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Property Settlements & Disclosure

Property Settlements & Disclosure

Settling property disputes through the family law courts can be an expensive exercise.

Often the most costly aspect of property settlement proceedings is meeting the high standard of disclosure which is required by law.

The Family Law Rules 2004 require that parties to property settlement proceedings make full and frank disclosure of the party’s financial circumstances, including but not limited to:
  1. Earnings;
  2. Any interest in property;
  3. Any interest in property owned by a company or other entity that is wholly or partially owned or controlled by a party;
  4. Any income earned by a company or other entity that is wholly or partially owned or controlled by a party;
  5. Any trust which a party may control, directly or indirectly, or have an interest in;
  6. Any property which has been disposed in the 12 months immediately before the parties separated or that has been disposed of since separation; and
  7. Any liabilities.


In practice, this will mean that all or some of the following documents need to be produced:
  1. Taxation returns and payslips;
  2. Bank statements;
  3. Superannuation statements;
  4. For real property:
  5. Certificates of title;
  6. Statements showing when properties were sold or purchased and for what amounts;
  7. Appraisals and valuations; and
  8. Mortgage statements.
  9. For companies and trusts:
  10. Company and trust taxation returns and financial statements; and
  11. Company memorandums and articles of association.


This is not a complete list and often the number of documents which you need to disclose will exceed those listed above.

If a party fails to disclose certain documents, then that party will not be able to rely on that document in seeking orders for property settlement from a court.  The party may also be found guilty of contempt of the court and may also need to pay the costs of the who is seeking to obtain the documents.

In order to minimise your legal costs, prior to your first meeting with your lawyer you should begin to collect and organise documents such as those listed above. This will reduce the amount of correspondence regarding disclosure between you and your lawyer, and also your lawyer and your ex-partner’s lawyer. For example:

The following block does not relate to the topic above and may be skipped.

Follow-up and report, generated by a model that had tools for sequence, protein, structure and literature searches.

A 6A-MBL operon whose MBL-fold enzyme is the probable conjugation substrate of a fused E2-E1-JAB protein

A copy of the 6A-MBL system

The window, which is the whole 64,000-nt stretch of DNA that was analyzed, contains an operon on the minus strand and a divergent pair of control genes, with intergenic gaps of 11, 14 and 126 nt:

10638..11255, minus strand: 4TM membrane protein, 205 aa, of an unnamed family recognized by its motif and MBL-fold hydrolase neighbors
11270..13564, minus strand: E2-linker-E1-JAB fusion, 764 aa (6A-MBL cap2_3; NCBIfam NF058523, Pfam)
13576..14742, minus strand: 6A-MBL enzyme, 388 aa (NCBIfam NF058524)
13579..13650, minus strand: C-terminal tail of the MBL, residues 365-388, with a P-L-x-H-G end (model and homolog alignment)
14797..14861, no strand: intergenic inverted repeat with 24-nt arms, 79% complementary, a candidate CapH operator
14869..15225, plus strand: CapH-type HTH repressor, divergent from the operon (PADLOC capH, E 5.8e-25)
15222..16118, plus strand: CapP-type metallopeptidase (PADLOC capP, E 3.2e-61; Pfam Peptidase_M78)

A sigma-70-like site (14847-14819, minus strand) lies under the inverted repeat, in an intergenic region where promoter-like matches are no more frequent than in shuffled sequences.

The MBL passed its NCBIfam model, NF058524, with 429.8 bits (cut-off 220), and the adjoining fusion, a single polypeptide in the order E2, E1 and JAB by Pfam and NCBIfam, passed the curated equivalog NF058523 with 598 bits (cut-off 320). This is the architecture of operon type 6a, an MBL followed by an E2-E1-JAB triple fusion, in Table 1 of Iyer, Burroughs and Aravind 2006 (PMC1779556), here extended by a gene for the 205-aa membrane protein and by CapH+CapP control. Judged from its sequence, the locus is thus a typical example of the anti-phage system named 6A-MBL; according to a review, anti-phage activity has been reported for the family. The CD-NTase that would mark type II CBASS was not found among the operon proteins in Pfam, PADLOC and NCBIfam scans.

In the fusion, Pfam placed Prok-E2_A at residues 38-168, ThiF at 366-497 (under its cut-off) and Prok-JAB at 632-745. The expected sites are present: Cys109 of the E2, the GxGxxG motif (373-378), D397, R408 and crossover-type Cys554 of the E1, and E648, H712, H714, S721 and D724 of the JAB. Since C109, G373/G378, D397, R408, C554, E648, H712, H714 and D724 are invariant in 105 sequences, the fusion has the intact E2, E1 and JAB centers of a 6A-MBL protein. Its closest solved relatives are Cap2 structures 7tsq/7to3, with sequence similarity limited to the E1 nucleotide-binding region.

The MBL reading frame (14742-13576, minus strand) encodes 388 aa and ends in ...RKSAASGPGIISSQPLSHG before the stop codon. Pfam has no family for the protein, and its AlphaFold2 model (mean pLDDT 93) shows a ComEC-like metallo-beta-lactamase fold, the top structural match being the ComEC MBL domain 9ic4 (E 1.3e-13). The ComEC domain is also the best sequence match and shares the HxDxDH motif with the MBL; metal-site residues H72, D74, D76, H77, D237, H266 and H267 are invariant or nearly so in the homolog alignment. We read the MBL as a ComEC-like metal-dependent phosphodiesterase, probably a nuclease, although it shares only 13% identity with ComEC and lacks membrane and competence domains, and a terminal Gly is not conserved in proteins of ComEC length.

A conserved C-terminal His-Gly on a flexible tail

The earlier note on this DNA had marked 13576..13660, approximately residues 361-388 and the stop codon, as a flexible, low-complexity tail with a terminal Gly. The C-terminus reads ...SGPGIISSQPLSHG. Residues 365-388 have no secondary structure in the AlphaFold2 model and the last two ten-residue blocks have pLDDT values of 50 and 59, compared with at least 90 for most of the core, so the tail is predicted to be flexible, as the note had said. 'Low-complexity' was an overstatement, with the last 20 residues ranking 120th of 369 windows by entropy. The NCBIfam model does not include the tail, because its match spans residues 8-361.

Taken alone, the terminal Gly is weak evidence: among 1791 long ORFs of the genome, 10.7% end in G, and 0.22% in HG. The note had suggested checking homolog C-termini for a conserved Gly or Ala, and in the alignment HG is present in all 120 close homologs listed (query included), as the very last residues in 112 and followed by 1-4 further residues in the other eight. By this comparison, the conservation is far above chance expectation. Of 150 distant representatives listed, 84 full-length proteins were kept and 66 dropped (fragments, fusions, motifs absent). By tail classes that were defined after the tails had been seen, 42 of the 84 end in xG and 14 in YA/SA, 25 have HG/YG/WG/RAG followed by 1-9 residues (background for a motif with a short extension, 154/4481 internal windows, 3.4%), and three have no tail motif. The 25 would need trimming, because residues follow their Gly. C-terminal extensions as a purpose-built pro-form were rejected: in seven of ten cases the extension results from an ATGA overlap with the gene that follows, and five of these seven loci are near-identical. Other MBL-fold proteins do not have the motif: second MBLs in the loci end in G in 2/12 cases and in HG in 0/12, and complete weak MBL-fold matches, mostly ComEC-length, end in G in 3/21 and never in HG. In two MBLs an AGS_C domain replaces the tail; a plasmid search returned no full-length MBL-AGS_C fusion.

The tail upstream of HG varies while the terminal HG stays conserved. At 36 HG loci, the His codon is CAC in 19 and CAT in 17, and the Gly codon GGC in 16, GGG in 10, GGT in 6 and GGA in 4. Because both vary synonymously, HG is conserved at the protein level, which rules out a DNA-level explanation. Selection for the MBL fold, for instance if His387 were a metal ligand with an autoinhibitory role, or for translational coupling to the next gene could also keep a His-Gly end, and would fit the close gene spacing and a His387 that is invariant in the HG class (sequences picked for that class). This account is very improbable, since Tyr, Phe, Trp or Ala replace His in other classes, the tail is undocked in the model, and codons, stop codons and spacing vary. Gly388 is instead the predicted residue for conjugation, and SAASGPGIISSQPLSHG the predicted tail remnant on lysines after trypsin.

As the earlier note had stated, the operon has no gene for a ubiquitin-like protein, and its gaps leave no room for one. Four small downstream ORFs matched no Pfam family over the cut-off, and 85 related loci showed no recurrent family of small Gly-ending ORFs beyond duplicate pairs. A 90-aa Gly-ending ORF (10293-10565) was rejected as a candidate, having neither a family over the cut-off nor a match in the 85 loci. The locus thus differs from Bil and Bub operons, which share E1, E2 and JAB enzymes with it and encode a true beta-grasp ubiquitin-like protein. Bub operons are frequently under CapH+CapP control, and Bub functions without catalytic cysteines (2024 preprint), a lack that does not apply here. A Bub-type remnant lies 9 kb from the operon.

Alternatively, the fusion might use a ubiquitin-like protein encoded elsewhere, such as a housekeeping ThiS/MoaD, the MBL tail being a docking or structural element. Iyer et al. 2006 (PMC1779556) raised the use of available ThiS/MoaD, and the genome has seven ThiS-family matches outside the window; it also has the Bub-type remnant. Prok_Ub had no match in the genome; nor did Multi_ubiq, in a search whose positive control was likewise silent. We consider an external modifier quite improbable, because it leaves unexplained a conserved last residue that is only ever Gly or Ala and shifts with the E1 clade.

• If you do not have copies of your taxation returns on hand, you should obtain copies from your accountant.
  • If you have medical issues which affect your ability to work, you should obtain copies of your medical records from your doctor.
  • If you are responsible for the payment of a mortgage, you should obtain bank statements which show this from the time you commenced payment until the present day.
  • If you pay rates and utilities for a home, you should collect and organise the invoices you have showing this.
  • If you do not have a copy of your most recent superannuation statement on hand, you should contact your super fund to obtain a copy.


Call us now on 8227 1970 and we will chat with you over the phone free of charge.

Family law, divorce, wills and estate specialist family lawyers for Adelaide and South Australia.

Liability limited by a scheme approved under professional standards legislation.

Disclaimer: The information contained in this blog is for informational purposes only and is not legal advice. Nothing in this blog should be deemed to create or constitute a solicitor-client relationship between any readers and Swan Family Lawyers. A solicitor-client relationship is created only when this firm agrees to represent someone and a written engagement agreement or engagement letter is signed by both the client and solicitor. In all cases, the reader should consult his or her own solicitor for advice. The information in this blog is based on Australian law.

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